News

News From Prior Years

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2020

“Emer Lucey receives 2020 AAHM Richard H. Shryock Medal”
May 2020

Congratulations to Emer Lucey on receiving the 2020 Richard H. Shryock Medal from the American Association for the History of Medicine (AAHM) for her essay titled “Beauty and Joy: The Aesthetics of Autism and Down Syndrome.” This work comes out her dissertation that explores the history of childhood developmental disability in the United States, analyzing the role of parent memoirs in the construction of autism and Down syndrome in the twentieth century using oral history, archival sources, and popular media.

Emer is a doctoral candidate in the History of Science, Medicine, and Technology Program in the UW History Department. Her interests include history of American medicine, the body, disability, and global health.

“European Research Council AIG grant to Professor Gregg Mitman”
April 2020

Professor Gregg Mitman has received an Advanced Investigator Grant from the European Research Council (ERC). ERC Advanced Investigator Grants provide up to 2.5 million euros over 5 years, and are intended for established researchers in all disciplines who wish to undertake highly ambitious and innovative projects that promise to break new ground in their respective fields. Mitman received his grant for the project “Bloodborne: Hot Zones, Disease Ecologies, and the Changing Landscape of Environment and Health in West Africa.” The project will examine the relationships between environmental change and the emergence of new threats to public health from multiple perspectives. To learn more, please visit this LMU Munich’s news post web page. Congrats to Professor Mitman on this prestigious award.

Mitman is a Professor of History of Science, Medical History, and Environmental Studies at UW-Madison, and is an affiliated researcher with the Rachel Carson Center for Environment and Society at LMU Munich in Germany.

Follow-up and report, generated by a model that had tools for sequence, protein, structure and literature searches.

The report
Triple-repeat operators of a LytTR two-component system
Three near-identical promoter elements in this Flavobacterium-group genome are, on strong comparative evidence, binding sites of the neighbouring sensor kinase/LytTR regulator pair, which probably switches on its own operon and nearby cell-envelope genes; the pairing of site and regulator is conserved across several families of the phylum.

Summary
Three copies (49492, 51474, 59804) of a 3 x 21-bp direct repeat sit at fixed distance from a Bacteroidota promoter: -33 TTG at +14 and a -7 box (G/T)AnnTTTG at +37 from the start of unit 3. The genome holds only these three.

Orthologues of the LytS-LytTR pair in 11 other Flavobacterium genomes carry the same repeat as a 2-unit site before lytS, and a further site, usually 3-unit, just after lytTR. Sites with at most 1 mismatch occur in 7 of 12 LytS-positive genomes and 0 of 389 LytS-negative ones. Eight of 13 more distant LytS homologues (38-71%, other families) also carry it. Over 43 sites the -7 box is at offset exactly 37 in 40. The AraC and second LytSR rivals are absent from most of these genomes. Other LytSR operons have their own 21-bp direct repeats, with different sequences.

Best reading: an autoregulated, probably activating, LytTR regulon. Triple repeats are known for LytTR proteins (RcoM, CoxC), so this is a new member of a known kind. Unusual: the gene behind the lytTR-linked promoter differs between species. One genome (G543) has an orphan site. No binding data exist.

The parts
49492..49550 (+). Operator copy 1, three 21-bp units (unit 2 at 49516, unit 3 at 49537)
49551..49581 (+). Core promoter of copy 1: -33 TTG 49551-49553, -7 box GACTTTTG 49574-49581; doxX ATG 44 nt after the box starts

“Video posted on Wisconsin Public Television of Prof. Streiffer talk”
January 2020

A recent talk presented by Robert Streiffer, Professor of Medical History & Bioethics and Philosophy, can now be viewed on-line at the University Place website of the Wisconsin Channel of PBS Wisconsin. His talk, titled “The Ethical Landscape of Human Genome Editing,” was presented originally on 13 November 2019 (event poster) and can now be viewed via the below URL (video duration: 1h 6m 17s):

https://www.pbs.org/video/the-ethical-landscape-of-human-genome-editing-odwve1/

2019

“Dr. Gretchen Schwarze awarded the Morgridge Professorship in Vascular Surgery”
July 2019

Dr. Margaret “Gretchen” Schwarze, Associate Professor in the Department of Surgery, University of Wisconsin School of Medicine and Public Health, has been awarded the Morgridge Professorship in Vascular Surgery. This professorship will provide Dr. Schwarze with flexible funding to pursue her research. (Find more information on Schwarze’s web page.) Congratulations Gretchen!

In addition to her vascular surgery practice, Dr. Schwarze is a nationally recognized medical ethicist, with expertise in patient-physician communication and decision-making. Her research focuses on improving communication so clinicians can help patients avoid unwanted treatment and make decisions that align with their values, preferences and goals. (School of Medicine and Public Health news announcement)

“Professor Pablo F. Gómez awarded 2019 William H. Welch Medal”
April 2019

Pablo F. Gómez, Associate Professor in Medical History and Bioethics, has been awarded the 2019 William H. Welch Medal by the American Association for the History of Medicine (AAHM) for his book The Experiential Caribbean: Creating Knowledge and Healing in the Early Modern Atlantic (University of North Carolina Press, 2017). Prof. Gómez received the award in a ceremony on 27 April 2019 as part of the AAHM 92nd annual meeting held in Columbus, Ohio. Exciting news Pablo!